BTT, OOIDA reach $6.25 million settlement for owner-operators
The Owner-Operator Independent Drivers Association Inc. has reached a $6.25 million settlement in a class action lawsuit against Bridge Terminal Transport Inc., an affiliate of Maersk and the world's largest marine drayage company in the world.
The OOIDA and seven of its members filed the suit in June 2004. It alleged that BTT, which employs about 3,000 owner-operators, violated federal truth-in-leasing regulations by failing to disclose or properly document compensation provisions in its lease agreements. At one time, the lease agreement said that compensation would be given according to “Schedule B,” but there was no “Schedule B” outlined in the agreement. The suit also alleged that BTT violated the leasing regulations by failing to disclose administrative fees, such as fuel, in its lease.
The money allotted in the settlement will cover attorney's fees and costs as well as all owner-operators who leased equipment and services to BTT between June 2004 and December 2005. The 6,000 drivers involved with the lawsuit will be paid a portion of the settlement in relation to the number of days for each truck that each driver worked under lease to BTT.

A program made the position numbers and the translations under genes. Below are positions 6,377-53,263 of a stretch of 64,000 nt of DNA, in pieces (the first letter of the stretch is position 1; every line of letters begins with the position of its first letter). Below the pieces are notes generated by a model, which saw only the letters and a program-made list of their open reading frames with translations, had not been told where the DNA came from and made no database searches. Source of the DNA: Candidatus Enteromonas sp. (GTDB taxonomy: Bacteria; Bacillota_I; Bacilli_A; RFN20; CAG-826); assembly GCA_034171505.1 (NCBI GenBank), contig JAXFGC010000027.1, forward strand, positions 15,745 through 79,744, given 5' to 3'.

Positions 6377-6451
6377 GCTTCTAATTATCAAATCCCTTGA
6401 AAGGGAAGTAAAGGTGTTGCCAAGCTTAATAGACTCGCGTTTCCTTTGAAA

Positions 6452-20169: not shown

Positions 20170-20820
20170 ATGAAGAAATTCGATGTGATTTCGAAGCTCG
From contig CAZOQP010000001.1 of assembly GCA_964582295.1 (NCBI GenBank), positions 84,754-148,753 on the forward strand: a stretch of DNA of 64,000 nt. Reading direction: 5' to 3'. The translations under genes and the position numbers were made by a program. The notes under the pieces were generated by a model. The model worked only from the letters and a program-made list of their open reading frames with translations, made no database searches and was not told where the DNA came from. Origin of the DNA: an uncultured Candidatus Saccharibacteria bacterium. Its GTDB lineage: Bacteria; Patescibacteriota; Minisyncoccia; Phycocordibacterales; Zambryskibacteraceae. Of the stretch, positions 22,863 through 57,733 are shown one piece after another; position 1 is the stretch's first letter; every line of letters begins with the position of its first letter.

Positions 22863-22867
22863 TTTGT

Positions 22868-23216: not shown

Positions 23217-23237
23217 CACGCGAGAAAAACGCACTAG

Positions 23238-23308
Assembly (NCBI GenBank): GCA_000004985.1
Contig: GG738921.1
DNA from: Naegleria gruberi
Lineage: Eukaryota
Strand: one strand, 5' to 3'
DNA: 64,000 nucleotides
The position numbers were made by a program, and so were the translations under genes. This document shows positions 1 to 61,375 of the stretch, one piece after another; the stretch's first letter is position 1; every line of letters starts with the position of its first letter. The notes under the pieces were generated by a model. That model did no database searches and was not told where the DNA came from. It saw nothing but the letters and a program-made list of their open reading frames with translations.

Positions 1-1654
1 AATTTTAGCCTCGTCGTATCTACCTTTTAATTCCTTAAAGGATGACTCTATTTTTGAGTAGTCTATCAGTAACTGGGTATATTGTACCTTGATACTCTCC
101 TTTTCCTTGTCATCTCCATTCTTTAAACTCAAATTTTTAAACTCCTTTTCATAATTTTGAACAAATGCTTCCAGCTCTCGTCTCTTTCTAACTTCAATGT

To avoid future issues such as this, BTT has agreed to implement a revised agreement with its owner-operators. The new lease agreement will clearly sate compensation terms and disclose administration fees.
BTT President Phil Connors said: 'It became clear that we had made some mistakes that created the possibility for our owner-operator business partners to suffer a loss. Rather than continuing to argue over the issue, we wanted to fix any errors that may have been made and remove any cause for concern on the part of our independent contractor partners.”
“BTT stepped up and took actions to correct any problems,” said David Cohen of the Cullen Law Firm, representatives for the OOIDA. He said he hopes the settlement would cause other transport companies to be more careful in following federal law.
The case was held in Newark Federal Court because BTT's first terminal was headquartered in the Port of Newark before moving to Charlotte, N.C.